9. Blinder, Alan S & Maccini, Louis J, 1991. "The Resurgence of Inventory Research: What Have We Learned?," Journal of Economic Surveys, Wiley Blackwell, vol. 5(4), pages 291-328.
    10. Humphreys, Brad R. & Maccini, Louis J. & Schuh, Scott, 2001. "Input and output inventories," Journal of Monetary Economics, Elsevier, vol. 47(2), pages 347-375, April.
    11. Guariglia, Alessandra & Mateut, Simona, 2006. "Credit channel, trade credit channel, and inventory investment: Evidence from a panel of UK firms," Journal of Banking & Finance, Elsevier, vol. 30(10), pages 2835-2856, October.
    12. JONATHAN McCARTHY & EGON ZAKRAJSEK, 2007. "Inventory Dynamics and Business Cycles: What Has Changed?," Journal of Money, Credit and Banking, Blackwell Publishing, vol. 39(2-3), pages 591-613, March.
    13. Louis J. Maccini & Bartholomew J. Moore & Huntley Schaller, 2004. "The Interest Rate, Learning, and Inventory Investment," American Economic Review, American Economic Association, vol. 94(5), pages 1303-1327, December.
    14. Ian Small, 2000. "Inventory investment and cash flow," Bank of England working papers 112, Bank of England.
    15. Kenneth D. West, 1987. "Order Backlogs and Production Smoothing," NBER Working Papers 2385, National Bureau of Economic Research, Inc.
    16. Michael Lovell, 1967. "Sales Anticipations, Planned Inventory Investment, and Realizations," NBER Chapters, in: Determinants of Investment Behavior, pages 537-599, National Bureau of Economic Research, Inc.
    17. Kenneth D. West, 1993. "Inventory Models," NBER Technical Working Papers 0143, National Bureau of Economic Research, Inc.
    18. John F. Muth, 1985. "Properties of Some Short-run Business Forecasts," Eastern Economic Journal, Eastern Economic Association, vol. 11(3), pages 200-210, Jul-Sep.
    19. Alan S. Blinder & Douglas Holtz-Eakin, 1986. "Inventory Fluctuations in the United States since 1929," NBER Chapters, in: The American Business Cycle: Continuity and Change, pages 183-236, National Bureau of Economic Research, Inc.
    20. Blanchard, Olivier J, 1983. "The Production and Inventory Behavior of the American Automobile Industry," Journal of Political Economy, University of Chicago Press, vol. 91(3), pages 365-400, June.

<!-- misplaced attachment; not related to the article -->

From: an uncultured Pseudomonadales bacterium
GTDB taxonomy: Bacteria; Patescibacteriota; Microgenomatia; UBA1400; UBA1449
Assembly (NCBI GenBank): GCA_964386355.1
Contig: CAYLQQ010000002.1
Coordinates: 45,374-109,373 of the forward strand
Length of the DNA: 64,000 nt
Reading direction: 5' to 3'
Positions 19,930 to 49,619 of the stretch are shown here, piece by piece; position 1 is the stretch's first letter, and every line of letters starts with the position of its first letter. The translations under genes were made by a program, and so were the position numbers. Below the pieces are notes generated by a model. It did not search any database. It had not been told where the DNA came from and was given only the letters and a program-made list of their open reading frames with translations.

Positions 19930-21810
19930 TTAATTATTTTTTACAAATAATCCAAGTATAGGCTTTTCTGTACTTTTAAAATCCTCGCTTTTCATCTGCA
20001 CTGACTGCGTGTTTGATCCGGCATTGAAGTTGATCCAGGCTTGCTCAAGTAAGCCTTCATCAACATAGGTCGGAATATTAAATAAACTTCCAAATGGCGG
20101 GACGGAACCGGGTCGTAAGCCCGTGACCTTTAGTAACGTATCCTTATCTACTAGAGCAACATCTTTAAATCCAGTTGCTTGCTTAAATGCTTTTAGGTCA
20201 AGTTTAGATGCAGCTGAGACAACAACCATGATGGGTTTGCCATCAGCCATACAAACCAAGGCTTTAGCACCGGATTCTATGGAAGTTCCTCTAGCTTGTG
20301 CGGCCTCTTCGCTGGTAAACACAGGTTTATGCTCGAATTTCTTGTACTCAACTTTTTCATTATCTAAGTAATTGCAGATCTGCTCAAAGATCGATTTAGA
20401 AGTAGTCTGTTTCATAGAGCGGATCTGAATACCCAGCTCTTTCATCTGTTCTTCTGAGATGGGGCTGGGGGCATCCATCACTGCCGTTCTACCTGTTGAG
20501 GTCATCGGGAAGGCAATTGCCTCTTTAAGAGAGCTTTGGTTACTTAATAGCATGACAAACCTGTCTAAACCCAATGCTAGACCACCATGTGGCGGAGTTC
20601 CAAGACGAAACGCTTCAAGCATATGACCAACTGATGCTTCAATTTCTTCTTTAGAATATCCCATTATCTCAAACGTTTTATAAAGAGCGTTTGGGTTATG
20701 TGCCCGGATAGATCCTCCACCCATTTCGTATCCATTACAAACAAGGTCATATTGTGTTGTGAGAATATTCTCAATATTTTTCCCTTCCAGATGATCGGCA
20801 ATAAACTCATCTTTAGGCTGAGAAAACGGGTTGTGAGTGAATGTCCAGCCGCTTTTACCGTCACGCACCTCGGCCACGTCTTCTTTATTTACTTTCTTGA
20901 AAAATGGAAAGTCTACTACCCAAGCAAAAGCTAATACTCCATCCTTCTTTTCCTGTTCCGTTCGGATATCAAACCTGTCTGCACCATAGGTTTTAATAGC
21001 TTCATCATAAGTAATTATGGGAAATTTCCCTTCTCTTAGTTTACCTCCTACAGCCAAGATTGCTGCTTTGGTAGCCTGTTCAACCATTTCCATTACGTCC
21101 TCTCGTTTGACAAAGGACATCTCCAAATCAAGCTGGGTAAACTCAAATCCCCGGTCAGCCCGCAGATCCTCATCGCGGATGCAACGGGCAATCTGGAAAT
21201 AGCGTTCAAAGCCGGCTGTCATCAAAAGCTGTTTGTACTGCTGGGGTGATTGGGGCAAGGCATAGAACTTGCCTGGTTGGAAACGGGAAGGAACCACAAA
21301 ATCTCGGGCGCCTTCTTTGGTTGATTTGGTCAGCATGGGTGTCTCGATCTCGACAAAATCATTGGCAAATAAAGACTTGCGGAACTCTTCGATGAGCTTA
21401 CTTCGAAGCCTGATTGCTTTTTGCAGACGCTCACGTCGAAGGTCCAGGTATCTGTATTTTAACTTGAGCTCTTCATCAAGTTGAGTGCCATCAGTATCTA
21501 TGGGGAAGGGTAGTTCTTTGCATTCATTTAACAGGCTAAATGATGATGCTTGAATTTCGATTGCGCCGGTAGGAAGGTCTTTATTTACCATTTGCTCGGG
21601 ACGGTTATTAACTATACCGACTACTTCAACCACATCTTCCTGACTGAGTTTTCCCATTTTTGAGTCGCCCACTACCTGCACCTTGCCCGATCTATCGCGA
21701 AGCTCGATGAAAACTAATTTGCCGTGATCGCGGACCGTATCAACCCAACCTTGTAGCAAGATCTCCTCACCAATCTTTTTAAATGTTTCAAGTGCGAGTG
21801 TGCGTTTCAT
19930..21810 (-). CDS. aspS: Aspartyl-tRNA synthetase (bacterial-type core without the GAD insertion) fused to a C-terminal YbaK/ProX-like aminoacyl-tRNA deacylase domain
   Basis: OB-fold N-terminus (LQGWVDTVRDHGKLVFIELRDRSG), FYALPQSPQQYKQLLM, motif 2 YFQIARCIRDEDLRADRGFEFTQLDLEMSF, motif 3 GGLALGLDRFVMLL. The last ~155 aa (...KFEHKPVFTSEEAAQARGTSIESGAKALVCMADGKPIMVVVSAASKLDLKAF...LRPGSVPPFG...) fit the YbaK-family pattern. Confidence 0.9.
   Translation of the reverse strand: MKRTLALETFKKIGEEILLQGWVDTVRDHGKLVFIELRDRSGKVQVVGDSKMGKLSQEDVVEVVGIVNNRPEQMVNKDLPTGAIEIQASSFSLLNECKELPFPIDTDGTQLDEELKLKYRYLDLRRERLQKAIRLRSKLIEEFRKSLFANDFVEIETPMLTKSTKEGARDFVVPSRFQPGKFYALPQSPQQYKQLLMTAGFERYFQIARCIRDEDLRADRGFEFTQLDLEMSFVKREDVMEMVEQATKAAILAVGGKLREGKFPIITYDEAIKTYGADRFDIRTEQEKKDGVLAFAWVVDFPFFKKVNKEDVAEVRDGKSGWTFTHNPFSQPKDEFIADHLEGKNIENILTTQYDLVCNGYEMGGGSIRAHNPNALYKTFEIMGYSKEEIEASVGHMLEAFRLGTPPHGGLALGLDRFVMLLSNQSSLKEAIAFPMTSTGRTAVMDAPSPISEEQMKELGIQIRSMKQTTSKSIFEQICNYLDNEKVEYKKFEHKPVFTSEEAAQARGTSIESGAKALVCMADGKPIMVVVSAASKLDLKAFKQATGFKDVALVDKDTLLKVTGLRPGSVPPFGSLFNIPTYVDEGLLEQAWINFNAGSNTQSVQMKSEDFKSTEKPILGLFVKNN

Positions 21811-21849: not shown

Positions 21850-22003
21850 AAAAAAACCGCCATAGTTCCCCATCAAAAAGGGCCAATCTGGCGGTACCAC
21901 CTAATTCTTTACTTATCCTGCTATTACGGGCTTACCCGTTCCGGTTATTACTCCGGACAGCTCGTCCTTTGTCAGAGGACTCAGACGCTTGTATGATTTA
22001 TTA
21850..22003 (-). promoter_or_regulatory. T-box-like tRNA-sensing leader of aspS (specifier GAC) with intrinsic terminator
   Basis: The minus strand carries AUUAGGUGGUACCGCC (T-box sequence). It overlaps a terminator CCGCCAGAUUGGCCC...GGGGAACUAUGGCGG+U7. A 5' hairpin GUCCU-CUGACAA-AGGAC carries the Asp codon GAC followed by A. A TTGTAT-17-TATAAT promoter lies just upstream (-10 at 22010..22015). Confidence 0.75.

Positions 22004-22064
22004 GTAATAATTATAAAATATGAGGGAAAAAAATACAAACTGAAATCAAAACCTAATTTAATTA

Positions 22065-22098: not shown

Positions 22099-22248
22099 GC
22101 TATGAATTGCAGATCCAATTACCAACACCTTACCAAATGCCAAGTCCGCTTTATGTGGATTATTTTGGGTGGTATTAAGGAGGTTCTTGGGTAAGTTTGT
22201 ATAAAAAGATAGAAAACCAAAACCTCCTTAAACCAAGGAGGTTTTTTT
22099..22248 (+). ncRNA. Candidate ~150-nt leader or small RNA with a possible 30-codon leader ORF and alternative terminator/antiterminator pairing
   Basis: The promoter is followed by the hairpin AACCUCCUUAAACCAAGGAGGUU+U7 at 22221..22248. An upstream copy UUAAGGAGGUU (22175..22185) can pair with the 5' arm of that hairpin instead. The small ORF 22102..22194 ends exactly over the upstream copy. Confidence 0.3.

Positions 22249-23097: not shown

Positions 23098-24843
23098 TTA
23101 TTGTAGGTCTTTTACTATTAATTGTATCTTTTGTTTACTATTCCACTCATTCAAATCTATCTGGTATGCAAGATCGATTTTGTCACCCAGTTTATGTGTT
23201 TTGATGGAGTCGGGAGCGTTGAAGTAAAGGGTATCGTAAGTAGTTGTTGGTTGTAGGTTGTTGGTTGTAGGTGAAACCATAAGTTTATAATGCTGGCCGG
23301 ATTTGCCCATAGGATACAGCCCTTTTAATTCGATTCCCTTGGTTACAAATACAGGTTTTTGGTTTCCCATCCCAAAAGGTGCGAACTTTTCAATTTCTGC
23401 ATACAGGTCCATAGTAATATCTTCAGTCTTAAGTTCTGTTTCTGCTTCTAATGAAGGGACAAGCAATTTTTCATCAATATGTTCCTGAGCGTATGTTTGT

More about this item

    Statistics

    Access and download statistics

    Corrections

    All material on this site has been provided by the respective publishers and authors. You can help correct errors and omissions. When requesting a correction, please mention this item's handle: RePEc:cwl:cwldpp:151. See general information about how to correct material in RePEc.

    For technical questions regarding this item, or to correct its authors, title, abstract, bibliographic or download information, contact: . General contact details of provider: https://edirc.repec.org/data/cowleus.html .

    If you have authored this item and are not yet registered with RePEc, we encourage you to do it here. This allows to link your profile to this item. It also allows you to accept potential citations to this item that we are uncertain about.

    If CitEc recognized a bibliographic reference but did not link an item in RePEc to it, you can help with this form .

    If you know of missing items citing this one, you can help us creating those links by adding the relevant references in the same way as above, for each refering item. If you are a registered author of this item, you may also want to check the "citations" tab in your RePEc Author Service profile, as there may be some citations waiting for confirmation.

    For technical questions regarding this item, or to correct its authors, title, abstract, bibliographic or download information, contact: Matthew Regan (email available below). General contact details of provider: https://edirc.repec.org/data/cowleus.html .

    Please note that corrections may take a couple of weeks to filter through the various RePEc services.

    IDEAS is a RePEc service hosted by the Research Division of the Federal Reserve Bank of St. Louis . RePEc uses bibliographic data supplied by the respective publishers.